10. Introducing Statistics to Geography Students: The Case for Exploratory Data Analysis.

    ERIC Educational Resources Information Center

    Burn, Christopher R.; Fox, Michael F.

    1986-01-01

    Exploratory data analysis (EDA) gives students a feel for the data being considered. Four applications of EDA are discussed: the use of displays, resistant statistics, transformations, and smoothing. (RM)

  11. Career clue: an interactive teaching strategy to introduce beginning students to the nursing profession.

    PubMed

    Lever, Kathryn Ann

    2010-02-01

    An assignment incorporating active learning, computerized technology, and contact with RNs or Real Nurses was created to educate, enthuse, and heighten the awareness of nursing students about the world of nursing that exists beyond the classroom walls. Students gather information about an assigned field of nursing and share findings with classmates by giving clues about their mystery careers related to educational background, practice location, clientele, responsibilities, rewards, and challenges associated with the area of practice. Access to Web sites, RN e-mails, and guidelines are provided via an online Blackboard(®) learning system. Students benefit by gaining experience in the use of different types of computerized technology while being educated about the extensive career options available in nursing. The Career Clue assignment is a creative teaching strategy that has been used since 2003 and has consistently received positive feedback from students.

  12. From Tewksbury to Du Fu: Exercises toward Introducing Graduate Students to the Study of Chinese Literature.

    ERIC Educational Resources Information Center

    Nienhauser, William H., Jr.

    1980-01-01

    Discusses a series of exercises designed to convince advanced Chinese language students that the careful study of classical Chinese literature is both a necessary and enjoyable part of their scholarly training. Several excerpts from Chinese literature are given. (PJM)

  13. Introducing Students to Bio-Inspiration and Biomimetic Design: A Workshop Experience

    ERIC Educational Resources Information Center

    Santulli, Carlo; Langella, Carla

    2011-01-01

    In recent years, bio-inspired approach to design has gained considerable interest between designers, engineers and end-users. However, there are difficulties in introducing bio-inspiration concepts in the university curriculum in that they involve multi-disciplinary work, which can only possibly be successfully delivered by a team with integrated…

  14. Introducing Freshmen Students to the Practice of Solid-Phase Synthesis

    NASA Astrophysics Data System (ADS)

    Taralp, Alpay; Hulusi Türkseven, Can; Özgür Çakmak, Atilla; Çengel, Ömer

    2002-01-01

    A one-semester laboratory project on solid-phase peptide chemistry was designed pedagogically to cater to freshman science students. The approach not only permitted multistep syntheses that would be considered impractical in solution, but also gave students insight into fundamental aspects of research at an early stage of development. Young scientists prepared Bz-Asn-Asn-Phe and Bz-Asn-Gln-Phe--peptides envisaged as potential competitive inhibitors of chymotrypsin. The synthesis, defined by an attachment-deprotection cycle, two elongation-deprotection cycles, and a benzoyl-capping protocol, was completed manually on Wang resin using Fmoc chemistry. Students quantified the yield of each condensation and deprotection reaction by measuring levels of dibenzylfulvene chromophore, a stoichiometrically afforded by-product. Benzoylation of the N-terminus was confirmed by employing a cadmium-ninhydrin reagent. The group also ascertained, through use of a chromogenic substrate, that chymotrypsin-catalyzed hydrolysis was impeded slightly when carried out in the presence of target peptides. Supplementary analyses supporting peptide purity and composition were given to students. Grading was based on laboratory participation, project proposals, reports, and a concluding slide-show presentation made to peers and colleagues. While the project was time-consuming overall, students acquired an impression of research work and an appreciation of the utility of solid-phase methods.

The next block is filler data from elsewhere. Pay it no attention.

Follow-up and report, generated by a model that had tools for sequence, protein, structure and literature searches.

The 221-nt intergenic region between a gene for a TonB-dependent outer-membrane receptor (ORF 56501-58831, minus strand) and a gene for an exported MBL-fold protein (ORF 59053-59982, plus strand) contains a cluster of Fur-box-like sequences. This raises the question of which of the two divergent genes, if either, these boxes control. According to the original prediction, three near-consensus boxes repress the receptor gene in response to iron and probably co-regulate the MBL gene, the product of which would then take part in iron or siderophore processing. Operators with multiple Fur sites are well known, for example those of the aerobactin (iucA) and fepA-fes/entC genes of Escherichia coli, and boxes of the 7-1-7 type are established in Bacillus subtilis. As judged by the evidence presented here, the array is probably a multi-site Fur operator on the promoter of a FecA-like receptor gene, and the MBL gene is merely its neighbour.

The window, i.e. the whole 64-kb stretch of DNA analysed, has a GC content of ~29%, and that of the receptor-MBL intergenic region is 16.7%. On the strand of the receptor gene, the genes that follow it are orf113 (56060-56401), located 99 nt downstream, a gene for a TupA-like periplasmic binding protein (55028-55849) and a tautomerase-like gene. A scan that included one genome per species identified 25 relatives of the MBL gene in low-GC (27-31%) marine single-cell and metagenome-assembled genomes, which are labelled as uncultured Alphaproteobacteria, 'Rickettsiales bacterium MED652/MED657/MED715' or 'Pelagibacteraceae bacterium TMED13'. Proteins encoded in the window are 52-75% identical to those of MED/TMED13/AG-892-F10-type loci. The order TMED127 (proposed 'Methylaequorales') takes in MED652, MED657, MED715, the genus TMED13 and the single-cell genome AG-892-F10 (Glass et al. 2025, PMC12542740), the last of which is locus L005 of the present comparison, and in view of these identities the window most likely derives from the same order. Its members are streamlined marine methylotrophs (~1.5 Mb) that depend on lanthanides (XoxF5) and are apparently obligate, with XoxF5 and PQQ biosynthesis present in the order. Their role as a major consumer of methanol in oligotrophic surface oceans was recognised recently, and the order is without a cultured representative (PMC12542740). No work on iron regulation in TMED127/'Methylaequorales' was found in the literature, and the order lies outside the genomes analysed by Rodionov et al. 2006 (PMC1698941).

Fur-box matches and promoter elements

15. Introducing Taiwanese undergraduate students to the nature of science through Nobel Prize stories

    NASA Astrophysics Data System (ADS)

    Eshach, Haim; Hwang, Fu-Kwun; Wu, Hsin-Kai; Hsu, Ying-Shao

    2013-06-01

    Although there is a broad agreement among scientists and science educators that students should not only learn science, but also acquire some sense of its nature, it has been reported that undergraduate students possess an inadequate grasp of the nature of science (NOS). The study presented here examined the potential and effectiveness of Nobel Prize stories as a vehicle for teaching NOS. For this purpose, a 36-hour course, “Albert Einstein’s Nobel Prize and the Nature of Science,” was developed and conducted in Taiwan Normal University. Ten undergraduate physics students participated in the course. Analysis of the Views of Nature of Science questionnaires completed by the students before and after the course, as well as the students’ own presentations of Nobel Prize stories (with an emphasis on how NOS characteristics are reflected in the story), showed that the students who participated in the course enriched their views concerning all aspects of NOS. The paper concludes with some suggestions for applying the novel idea of using Nobel Prize stories in physics classrooms.

  16. Introducing first year students to interprofessionalism: Exploring professional identity in the "enterprise culture": a Foucauldian analysis.

    PubMed

    DeMatteo, Dale J; Reeves, Scott

    2013-01-01